Highelevation alpine snow cover

Christian Pluss, Charles Fierz, and Paul M. B. Fohn Relevance and characteristics

High alpine seasonal snow covers are present in mountainous areas around the world. The duration and spatial distribution of alpine snow covers is extremely variable and depends mainly on the geographical location, the climatic conditions, and the elevation of the mountain range. Alpine snow covers are of large economic and social importance in many areas, for example as a water resource for hydropower or as a base for tourism. In all alpine areas the snow cover is an important climate element because of its high albedo and low surface temperature. However, seasonal alpine snow covers may also cause natural hazards such as avalanches or flooding. The snow cover of the Alps - situated in the heart of densely populated Europe -meets all the above-mentioned issues and therefore considerable research effort has been spent towards its investigation.

The central part of the Alps is seasonally snow covered from about December to April above an altitude of 1000 m. The snow cover is highly variable in time and space because of both the complex topography and large differences in elevation within the mountain range. Wind influence as well as variable elevation, slope angles, and surface conditions lead to a highly structured snowpack being spatially inhomogeneous at scales as small as a slope, contrary to the Arctic, Antarctic, or prairie snowpack. Accordingly, the distribution of snow accumulation is very difficult to investigate (Elder et al., 1989; Sturm et al., 1995).

Site

The site of Weissfluhjoch lies in the eastern Swiss Alps near the town of Davos. The measurement site is located at a horizontal site in a southeasterly slope at an altitude of 2540 m a.s.l. (46.83° N, 9.81° E). On this well-equipped site, daily manual observations have been performed since 1936 and today most relevant nivo-meteorological parameters are measured automatically at a half-hourly time step (down- and up-welling shortwave and longwave radiation, air temperature, humidity, wind speed, snow surface temperature, snow depth). The snow cover lasts on average nine months (269 days), from mid-October to mid-July, and the mean snow depth reaches its maximum around mid-April (221 cm). The mean maximum snow water equivalent amounts to 857 mm w.e.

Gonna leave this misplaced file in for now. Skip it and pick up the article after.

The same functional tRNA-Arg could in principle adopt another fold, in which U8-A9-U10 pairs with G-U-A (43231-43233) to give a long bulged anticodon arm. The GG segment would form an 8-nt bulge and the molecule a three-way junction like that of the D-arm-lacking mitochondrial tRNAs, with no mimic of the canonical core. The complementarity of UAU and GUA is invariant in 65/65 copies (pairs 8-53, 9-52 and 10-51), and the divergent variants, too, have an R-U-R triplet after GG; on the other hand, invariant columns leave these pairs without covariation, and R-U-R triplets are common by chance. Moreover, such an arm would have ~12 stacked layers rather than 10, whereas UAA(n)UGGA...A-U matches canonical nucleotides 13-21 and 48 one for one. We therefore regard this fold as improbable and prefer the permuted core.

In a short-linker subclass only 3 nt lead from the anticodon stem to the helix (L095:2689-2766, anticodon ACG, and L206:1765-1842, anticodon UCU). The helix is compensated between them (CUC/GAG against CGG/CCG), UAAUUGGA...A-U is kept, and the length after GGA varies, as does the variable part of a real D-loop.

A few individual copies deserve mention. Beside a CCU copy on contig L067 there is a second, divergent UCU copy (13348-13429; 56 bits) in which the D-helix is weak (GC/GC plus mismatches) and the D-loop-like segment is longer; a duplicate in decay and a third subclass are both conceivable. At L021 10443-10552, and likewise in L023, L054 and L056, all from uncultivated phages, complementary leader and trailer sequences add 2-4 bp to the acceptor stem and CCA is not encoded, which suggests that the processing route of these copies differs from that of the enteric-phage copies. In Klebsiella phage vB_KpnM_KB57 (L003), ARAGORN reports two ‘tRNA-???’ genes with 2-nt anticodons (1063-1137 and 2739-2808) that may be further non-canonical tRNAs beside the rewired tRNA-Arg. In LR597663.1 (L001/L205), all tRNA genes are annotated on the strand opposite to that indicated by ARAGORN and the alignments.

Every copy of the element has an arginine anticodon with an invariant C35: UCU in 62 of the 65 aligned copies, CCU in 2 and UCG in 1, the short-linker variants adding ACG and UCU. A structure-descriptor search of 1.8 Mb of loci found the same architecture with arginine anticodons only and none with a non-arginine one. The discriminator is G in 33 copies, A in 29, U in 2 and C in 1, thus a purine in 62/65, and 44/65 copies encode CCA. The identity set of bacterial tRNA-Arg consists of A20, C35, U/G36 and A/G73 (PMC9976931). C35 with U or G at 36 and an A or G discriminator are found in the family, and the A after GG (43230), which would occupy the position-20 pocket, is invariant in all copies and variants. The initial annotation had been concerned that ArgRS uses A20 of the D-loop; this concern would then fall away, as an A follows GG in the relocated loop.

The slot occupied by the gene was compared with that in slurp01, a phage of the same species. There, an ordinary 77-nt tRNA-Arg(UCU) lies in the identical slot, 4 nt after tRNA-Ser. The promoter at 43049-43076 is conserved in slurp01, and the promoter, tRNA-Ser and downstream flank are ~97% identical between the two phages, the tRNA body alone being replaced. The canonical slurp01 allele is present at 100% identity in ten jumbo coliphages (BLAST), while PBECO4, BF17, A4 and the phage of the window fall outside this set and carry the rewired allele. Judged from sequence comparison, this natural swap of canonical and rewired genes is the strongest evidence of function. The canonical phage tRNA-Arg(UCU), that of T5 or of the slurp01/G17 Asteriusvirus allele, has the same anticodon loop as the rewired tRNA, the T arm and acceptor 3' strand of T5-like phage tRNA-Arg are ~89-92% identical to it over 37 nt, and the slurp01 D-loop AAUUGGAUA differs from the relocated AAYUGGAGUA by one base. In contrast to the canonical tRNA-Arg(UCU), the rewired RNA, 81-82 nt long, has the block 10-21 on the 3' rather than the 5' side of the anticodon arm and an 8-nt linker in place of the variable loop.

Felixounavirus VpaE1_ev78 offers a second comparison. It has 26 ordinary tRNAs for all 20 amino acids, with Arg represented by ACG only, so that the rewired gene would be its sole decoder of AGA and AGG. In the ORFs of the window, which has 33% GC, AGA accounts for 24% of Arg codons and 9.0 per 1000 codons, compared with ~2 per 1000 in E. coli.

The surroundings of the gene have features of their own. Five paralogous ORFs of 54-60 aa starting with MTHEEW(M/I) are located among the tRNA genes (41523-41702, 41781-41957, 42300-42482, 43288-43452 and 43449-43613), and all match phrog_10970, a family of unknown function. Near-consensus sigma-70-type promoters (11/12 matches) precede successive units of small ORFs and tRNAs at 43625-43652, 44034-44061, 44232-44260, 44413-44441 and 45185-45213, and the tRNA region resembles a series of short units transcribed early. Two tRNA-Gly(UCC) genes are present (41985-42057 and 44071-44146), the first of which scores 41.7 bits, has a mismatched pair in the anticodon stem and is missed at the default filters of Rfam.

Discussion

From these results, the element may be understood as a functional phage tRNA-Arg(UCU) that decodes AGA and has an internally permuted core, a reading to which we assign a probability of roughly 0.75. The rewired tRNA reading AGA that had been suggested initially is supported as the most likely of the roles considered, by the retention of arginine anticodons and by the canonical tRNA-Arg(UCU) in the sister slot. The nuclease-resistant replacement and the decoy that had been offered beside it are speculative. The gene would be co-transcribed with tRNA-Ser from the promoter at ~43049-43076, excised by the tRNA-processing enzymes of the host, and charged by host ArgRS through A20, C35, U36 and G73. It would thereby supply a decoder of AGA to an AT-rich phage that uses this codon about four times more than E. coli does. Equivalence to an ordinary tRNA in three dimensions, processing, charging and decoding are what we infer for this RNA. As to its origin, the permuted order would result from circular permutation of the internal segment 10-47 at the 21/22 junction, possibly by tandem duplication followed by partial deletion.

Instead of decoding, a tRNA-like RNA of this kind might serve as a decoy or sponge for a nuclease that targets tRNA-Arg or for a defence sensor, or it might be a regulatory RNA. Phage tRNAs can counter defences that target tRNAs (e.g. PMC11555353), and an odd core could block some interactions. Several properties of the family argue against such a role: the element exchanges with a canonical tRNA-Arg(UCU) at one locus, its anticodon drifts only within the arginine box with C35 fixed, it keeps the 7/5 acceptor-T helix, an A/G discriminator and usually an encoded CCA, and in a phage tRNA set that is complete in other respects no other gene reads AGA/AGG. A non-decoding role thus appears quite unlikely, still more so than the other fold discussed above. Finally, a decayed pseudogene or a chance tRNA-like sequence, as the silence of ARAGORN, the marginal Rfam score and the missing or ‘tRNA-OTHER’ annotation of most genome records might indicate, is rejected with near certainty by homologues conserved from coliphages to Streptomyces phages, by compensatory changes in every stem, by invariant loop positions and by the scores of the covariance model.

Energy balance

Energy balance investigations over an alpine snow cover were performed mainly in the European Alps and the North American Rocky Mountains. Many of these studies were performed over snow-covered glaciers under melt conditions (see Tables 3.2 and 3.3). All these investigations show that, on a daily basis, net radiation is the primary energy source, while turbulent fluxes are generally of minor importance.

Along with the daily means of air temperature, wind, and albedo, the daily means of energy fluxes at the surface and mass balance at Weissfluhjoch (eastern Swiss Alps) are presented in Fig. 3.5. Using the aforementioned measured forcing data, the snow-cover model SNOWPACK (Bartelt and Lehning, 2002; Lehning et al., 2002a, 2002b) computes the energy balance, allowing for the extracting of parameterized turbulent fluxes.

Despite the high albedo of the snow cover, the shortwave net radiation flux SN is the dominant energy source for the snow cover during most of the investigation period. Longwave net radiation flux LN is, in general, an energy loss and depends mainly on cloud conditions. During the ablation period, net radiative flux Rn is by far the dominant energy source for snowmelt. The magnitude of the turbulent fluxes of sensible and latent heat, HS and HL, respectively, are very small on average, but the daily mean values may exceed the magnitude of net radiative flux and are therefore not negligible for the investigation of short-term processes. At Weissfluhjoch, the small average magnitude of the turbulent fluxes is attributed firstly to the relatively small wind speed at this site and secondly to the frequent changes of the weather patterns, which lead to changes of the sign of these fluxes.